During Bradford’s “Westfield development” years, the city centre lost more than a dozen high street names. Most have never returned. Even M&S, according to a Westfield source, were close to leaving Bradford when the scheme stalled in 2008.
But let’s move back to the Bradford of 2016, which is buzzing after its new centre has been trading for a couple of months. Westfield ended up selling the city centre site to Meyer Bergman – a European investment firm – although they agreed to build and manage it once it was open. That’s why it’s called “The Broadway” instead of “Westfield Bradford”, and although some locals see this as Westfield’s attempt to distance themselves from the city they failed for so long, many are just relieved that they don’t have to endure Westfield’s undoubtedly awful corporate logo hanging over their new shops.
The shopping centre itself is not without merit, and if it is to give the people of Croydon a hint of what they might expect in 2020, it is about as neat and shiny as shopping centres come, in that sort of acceptably bland way to which we’ve become accustomed. Personally speaking though, I think it’s pretty ugly and unsympathetic to the surrounding sandstone buildings that have stood proud for more than a hundred years.
While some effort has been made for the main entrances to integrate with Bradford’s historic streetscape, the materials used look plastic and cheap. You only need to check out how grubby Westfield’s Shepherd’s Bush elevations are now to see how their more recent developments might look in a few years.
The opening of The Broadway may also provide Croydon with a glimpse into what the rest of the town may look like once its new centre is built. That’s perhaps a little more worrying.
Bradford’s vast, hilly centre has been able to sustain a rival (albeit slightly dowdy) second centre – Kirkgate – which includes the type of bargain basement shops that don’t really have a place in the bold new world of aspirational brands.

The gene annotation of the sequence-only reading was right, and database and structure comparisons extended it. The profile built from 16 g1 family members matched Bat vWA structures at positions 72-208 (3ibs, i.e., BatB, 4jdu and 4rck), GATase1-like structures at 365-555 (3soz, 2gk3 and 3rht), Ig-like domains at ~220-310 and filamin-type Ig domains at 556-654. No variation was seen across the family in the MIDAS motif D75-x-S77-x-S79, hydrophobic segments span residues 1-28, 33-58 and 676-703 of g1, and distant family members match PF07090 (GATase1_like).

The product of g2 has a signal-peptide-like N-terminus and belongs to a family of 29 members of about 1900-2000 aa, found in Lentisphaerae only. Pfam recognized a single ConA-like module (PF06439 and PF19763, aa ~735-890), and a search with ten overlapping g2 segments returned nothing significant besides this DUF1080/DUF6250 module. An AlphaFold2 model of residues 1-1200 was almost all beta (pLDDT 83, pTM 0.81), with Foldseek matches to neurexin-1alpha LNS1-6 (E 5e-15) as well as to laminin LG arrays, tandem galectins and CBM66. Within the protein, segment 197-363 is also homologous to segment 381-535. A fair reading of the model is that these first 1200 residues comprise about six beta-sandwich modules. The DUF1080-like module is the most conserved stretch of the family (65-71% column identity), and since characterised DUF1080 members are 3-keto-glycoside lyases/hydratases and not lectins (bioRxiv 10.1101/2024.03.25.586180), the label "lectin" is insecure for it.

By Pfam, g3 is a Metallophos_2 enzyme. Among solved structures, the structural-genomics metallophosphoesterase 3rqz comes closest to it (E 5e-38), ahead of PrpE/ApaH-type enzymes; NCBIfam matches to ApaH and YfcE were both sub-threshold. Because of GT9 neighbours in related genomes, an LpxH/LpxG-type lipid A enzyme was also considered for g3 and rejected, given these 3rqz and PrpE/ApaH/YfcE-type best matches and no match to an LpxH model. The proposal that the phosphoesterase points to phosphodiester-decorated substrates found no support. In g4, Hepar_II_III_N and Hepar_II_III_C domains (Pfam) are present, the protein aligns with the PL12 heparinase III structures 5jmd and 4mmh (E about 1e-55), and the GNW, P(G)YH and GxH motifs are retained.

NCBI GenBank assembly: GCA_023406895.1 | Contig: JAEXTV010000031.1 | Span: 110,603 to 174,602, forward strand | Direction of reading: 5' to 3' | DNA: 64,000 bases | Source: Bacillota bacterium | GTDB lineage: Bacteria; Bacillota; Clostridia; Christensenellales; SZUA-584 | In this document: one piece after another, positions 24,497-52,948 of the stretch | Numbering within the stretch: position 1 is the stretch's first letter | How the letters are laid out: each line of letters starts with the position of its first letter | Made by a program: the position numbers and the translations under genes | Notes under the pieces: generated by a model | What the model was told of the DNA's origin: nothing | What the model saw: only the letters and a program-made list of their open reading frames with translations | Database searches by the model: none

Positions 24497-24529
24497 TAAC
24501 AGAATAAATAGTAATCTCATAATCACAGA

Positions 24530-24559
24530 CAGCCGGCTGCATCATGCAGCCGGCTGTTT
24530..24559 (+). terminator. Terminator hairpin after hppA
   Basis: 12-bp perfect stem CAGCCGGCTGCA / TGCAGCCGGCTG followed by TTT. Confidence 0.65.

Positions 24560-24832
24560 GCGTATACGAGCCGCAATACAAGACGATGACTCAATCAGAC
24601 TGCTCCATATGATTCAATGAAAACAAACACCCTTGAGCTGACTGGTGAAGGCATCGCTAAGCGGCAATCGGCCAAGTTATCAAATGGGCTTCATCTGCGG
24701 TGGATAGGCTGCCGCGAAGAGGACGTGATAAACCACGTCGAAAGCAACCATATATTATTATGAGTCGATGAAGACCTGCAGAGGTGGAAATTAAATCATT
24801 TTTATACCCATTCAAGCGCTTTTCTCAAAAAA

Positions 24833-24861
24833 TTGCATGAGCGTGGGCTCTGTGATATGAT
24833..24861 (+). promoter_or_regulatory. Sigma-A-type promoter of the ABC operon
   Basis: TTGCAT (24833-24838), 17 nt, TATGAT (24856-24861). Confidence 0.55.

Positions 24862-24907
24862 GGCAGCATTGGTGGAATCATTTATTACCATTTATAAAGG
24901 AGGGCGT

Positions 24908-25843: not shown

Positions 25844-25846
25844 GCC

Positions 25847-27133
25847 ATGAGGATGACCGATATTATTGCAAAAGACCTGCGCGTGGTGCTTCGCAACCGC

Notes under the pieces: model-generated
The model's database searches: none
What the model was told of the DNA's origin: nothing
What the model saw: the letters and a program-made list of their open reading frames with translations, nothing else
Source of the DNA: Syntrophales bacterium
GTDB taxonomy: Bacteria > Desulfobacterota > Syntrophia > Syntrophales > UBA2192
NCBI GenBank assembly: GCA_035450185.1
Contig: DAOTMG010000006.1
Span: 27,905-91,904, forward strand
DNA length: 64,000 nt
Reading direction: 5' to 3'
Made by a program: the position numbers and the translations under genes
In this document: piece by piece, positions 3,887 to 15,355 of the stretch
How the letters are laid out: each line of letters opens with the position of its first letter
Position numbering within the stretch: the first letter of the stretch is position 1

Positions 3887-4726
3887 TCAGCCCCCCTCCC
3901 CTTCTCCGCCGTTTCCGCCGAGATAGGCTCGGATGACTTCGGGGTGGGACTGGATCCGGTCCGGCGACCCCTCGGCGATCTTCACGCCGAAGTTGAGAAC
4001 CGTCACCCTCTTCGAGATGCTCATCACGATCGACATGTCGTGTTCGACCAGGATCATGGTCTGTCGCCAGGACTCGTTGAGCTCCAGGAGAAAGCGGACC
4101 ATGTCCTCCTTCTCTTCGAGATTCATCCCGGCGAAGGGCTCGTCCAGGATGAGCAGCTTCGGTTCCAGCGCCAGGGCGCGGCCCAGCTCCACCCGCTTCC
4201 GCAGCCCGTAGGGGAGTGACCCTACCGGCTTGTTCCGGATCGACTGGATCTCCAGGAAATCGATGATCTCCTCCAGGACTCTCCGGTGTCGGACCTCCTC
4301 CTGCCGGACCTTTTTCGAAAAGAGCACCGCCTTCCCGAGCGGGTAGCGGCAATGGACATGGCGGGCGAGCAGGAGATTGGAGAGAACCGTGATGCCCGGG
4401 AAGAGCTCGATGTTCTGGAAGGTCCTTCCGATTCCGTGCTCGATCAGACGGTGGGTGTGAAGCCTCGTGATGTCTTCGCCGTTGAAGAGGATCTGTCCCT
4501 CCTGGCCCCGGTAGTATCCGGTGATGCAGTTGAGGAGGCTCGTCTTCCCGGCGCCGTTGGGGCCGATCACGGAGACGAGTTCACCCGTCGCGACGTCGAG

Westfield’s downsizing of their Bradford scheme in order to attract a minimum threshold of retailers has been a blessing in disguise, as it has meant the likes of Primark and Argos have had to stay put in their old, established homes.
The hardest-hit area has been the city’s traditional high street – Darley Street – which is riddled with gaping holes now that its biggest tenants (including M&S, Topshop, H Samuel and Boots) have all moved into The Broadway.
Is this what a post-Westfield High Street or North End might look like for Croydon?
One radical solution to retail shift mooted by Bradford’s affable Labour council leader is to buy up the old vacant shops and flatten the lot of ’em, and creating a vast hilly garden instead… the Hanging Gardens of Bradford, if you will.
Could this be an achievable solution for Croydon? A new public square in place of St George’s Walk would be a fine addition to the town, and would connect the historic civic quarter with the new behemoth shopping palace (if it’s ever built, that is). Croydon could also do worse than to mimic Bradford’s successful “Growth Zone” scheme – which has allocated funds and rate rebates to areas left barren by the city’s new shopping centre. It’s resulted in a burgeoning independent drinking and dining scene that’s doing a damn good job of clawing back Bradford’s long dorment night-time economy.
Observing how Bradford’s development debacle has panned out, I think the biggest threat to Croydon’s immediate future is the “wait and see” brigade. These are the speculative developers and punters – dipping their toes in the waters of change, but not fully committing or immersing themselves until others do.
Frankly, these people don’t care about your town, or mine, or any for that matter. Like Westfield, they just want to make as much money as possible. That’s why many developers who snapped up properties adjacent to Bradford’s new centre promised “exciting” and “innovative”, big investment developments – many of which are yet to materialise.
I am reminded of similar rhetoric from the new owners of Grants in Croydon, who will probably be planning any future investment to coincide with what’s happening over the road. These people talk glibly of “a lot of interest from operators and retailers” but when pushed, can never name any of them – usually for “legal reasons”, or they cite “commercial confidentiality”.
In reality, it’s all a big waiting game, and even though Bradford’s vibrant new centre is to be welcomed, at what cost has it come for the city’s wider reputation?